Academy for Faith and Life

The Academy for Faith and Life provides short-term and ongoing adult education for the members and friends of Fourth Presbyterian Church and for the larger community. Its mission, further described in the explanation of the Academy seal (see below), is to draw participants into the many realms of God’s activity, emphasizing the intersection of faith and life. All persons are welcome to participate in Academy courses, and all meeting rooms are wheelchair accessible.

View the Academy for Faith and Life calendar here.

Winter 2015 Classes
The Impact of American Slavery on African American Spirituals:
   From Sounds of Defiance to Sounds of Liberation
Perspectives on Healing and Faith
The Laws of Leviticus
The Rise of Modern Islamic Movements
What’s NEXT?: Discovering the NEXT Church Movement

Spring 2015 Classes
Nature and Grace in Poetry and Prose
Pilgrimage as Spiritual Practice
The Network Church
The Politics of Revelation

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Impact of American Slavery on African American Spirituals: From Sounds of Defiance to Sounds of Liberation

     Sundays, February 8–March 1 (4 weeks)
     2:45 p.m.
     Borwell Dining Room
     Led by A. Alyce Claerbaut

“In the furnace of slavery, a lasting musical form was forged.”
     — Angela M. S. Nelson

The history of the development of spirituals is a journey of a people from the most brutal of human institutions to freedom and conversion to Christ. This course will explore that development of African American spirituals as a reflection of the struggle for freedom. Together we’ll chart the course of spirituals from their beginnings as freedom songs to worship songs through the transforming power of the gospel.

Week one will cover the impact of slavery on the role of religion and music for African slaves in America. Week two will examine the contradiction of Christian-led plantation culture and its impact on African music. Week three will explore American slave exposure to Protestant Christian worship and how a new identity was shaped. And finally, week four will look at post-Emancipation Proclamation growth of the black Christian church and the shaping of worship music.

A. Alyce Claerbaut is President of Billy Strayhorn Songs, Inc., a family-owned music publishing company that administers the catalog of the jazz great. In this role, she, along with other board members, interacts with music publishers, producers, and educators, particularly in jazz. Her formal music training includes concentration in applied voice. She has sung professionally in many types of settings—jazz, classical, art songs, spirituals, and popular songs, with a specialty in choral repertoire. She was named “Chicagoan of the Year” in Jazz in 2011 by the Chicago Tribune, and her work as a jazz advocate and artistic manager was cited for this award. She is a member of First Presbyterian Church in Evanston, where she sings in the choir.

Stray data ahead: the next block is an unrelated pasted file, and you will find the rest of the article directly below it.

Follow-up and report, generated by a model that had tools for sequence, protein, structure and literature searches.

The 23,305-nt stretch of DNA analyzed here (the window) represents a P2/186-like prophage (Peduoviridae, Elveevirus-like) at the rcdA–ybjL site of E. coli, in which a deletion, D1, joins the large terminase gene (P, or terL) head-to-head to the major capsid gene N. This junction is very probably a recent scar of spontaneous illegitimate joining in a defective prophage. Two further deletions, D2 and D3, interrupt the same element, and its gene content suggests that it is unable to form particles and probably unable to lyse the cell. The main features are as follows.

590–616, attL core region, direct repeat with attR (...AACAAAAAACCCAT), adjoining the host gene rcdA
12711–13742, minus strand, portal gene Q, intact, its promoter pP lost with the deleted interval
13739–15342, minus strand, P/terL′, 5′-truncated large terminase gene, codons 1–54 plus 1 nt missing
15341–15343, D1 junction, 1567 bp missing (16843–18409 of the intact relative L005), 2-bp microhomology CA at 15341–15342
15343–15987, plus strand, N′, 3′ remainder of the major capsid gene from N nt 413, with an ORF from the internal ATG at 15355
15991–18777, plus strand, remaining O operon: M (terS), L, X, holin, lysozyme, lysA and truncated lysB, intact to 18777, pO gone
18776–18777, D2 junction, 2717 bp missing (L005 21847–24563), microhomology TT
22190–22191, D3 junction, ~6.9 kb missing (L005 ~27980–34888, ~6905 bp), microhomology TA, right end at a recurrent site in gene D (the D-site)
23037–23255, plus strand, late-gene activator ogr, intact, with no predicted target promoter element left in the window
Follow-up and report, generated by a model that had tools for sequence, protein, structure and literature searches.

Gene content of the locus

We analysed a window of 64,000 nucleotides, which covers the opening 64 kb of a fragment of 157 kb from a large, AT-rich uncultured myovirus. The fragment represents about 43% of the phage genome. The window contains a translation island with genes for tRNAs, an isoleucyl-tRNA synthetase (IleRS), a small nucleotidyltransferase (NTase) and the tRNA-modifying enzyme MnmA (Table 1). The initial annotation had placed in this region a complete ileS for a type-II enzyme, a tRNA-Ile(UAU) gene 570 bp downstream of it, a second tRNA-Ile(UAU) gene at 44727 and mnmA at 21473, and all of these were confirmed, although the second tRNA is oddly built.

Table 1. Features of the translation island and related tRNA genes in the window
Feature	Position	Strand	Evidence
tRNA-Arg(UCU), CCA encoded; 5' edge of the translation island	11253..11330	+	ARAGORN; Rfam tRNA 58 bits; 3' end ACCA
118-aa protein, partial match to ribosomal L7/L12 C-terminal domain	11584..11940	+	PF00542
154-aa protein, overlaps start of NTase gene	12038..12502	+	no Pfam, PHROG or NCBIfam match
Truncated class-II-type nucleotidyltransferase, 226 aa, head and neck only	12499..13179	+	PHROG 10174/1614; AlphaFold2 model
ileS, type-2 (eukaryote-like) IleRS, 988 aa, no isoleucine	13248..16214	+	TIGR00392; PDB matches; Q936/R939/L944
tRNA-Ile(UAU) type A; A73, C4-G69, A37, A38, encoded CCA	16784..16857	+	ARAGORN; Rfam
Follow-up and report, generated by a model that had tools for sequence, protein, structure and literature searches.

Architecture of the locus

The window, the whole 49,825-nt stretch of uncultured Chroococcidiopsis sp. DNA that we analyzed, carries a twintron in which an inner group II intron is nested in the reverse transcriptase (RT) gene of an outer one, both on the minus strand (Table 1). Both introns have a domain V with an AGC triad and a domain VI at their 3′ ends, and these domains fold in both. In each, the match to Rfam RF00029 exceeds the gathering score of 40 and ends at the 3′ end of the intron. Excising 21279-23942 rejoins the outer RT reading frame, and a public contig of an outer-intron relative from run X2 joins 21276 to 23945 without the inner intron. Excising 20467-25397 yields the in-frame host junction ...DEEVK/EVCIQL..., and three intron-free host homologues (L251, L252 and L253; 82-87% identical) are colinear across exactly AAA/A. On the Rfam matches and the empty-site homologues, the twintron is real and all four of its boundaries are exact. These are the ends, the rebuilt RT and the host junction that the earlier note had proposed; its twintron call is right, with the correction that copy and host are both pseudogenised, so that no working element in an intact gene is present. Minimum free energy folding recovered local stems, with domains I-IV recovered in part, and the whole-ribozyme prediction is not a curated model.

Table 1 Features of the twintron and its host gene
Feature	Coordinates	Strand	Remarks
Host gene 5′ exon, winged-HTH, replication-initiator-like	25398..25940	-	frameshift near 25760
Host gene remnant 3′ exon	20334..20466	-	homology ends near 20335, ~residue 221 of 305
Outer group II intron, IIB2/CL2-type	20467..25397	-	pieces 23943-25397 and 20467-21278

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“Perspectives on Healing and Faith

     Sundays, February 15–March 22 (6 weeks)
     11:00 a.m.
     Room 5G of the Gratz Center

What role does faith play in the response to illness?

A panel of distinguished instructors will help us explore the varied aspects of that role and its importance. Theologian Martin Marty will begin the series by talking about “The Intersection of Compassion and Vulnerability,” addressing practical matters in the lives of individuals, communities, and institutions.

Mark Stoltenberg will follow in week two with a presentation on “Christianity and Modern Medicine: Friends, Foes, or Somewhere in Between?” In week three, Beth Reece will use patient stories to illustrate “Redefining Healing, Rediscovering Faith When It Hurts.”

Tom Dozeman and Mary Talen will follow in week four with their presentation “Religion and Health Care: The Dynamics of Medicine, Sacraments, and Healing Rituals.” In week five, Tyler VanderWeele will present “Lessons for the Church from the Health Sciences and Potential Partnerships.” The series will conclude in week six with a panel discussion led by Steve Stanley.

Everyone is encouraged to attend all six sessions, but attendance is also welcome at selected presentations as schedules dictate.

Martin Marty is Professor Emeritus at the University of Chicago, a Lutheran pastor, and the founding President of the Park Ridge Center for the Study of Health, Faith, and Ethics.

Mark Stoltenberg is a third-year resident in family medicine at Northwestern University. He holds a B.A. in religion from Duke University and combined M.D.-M.A. degrees in bioethics from Loyola University in Chicago.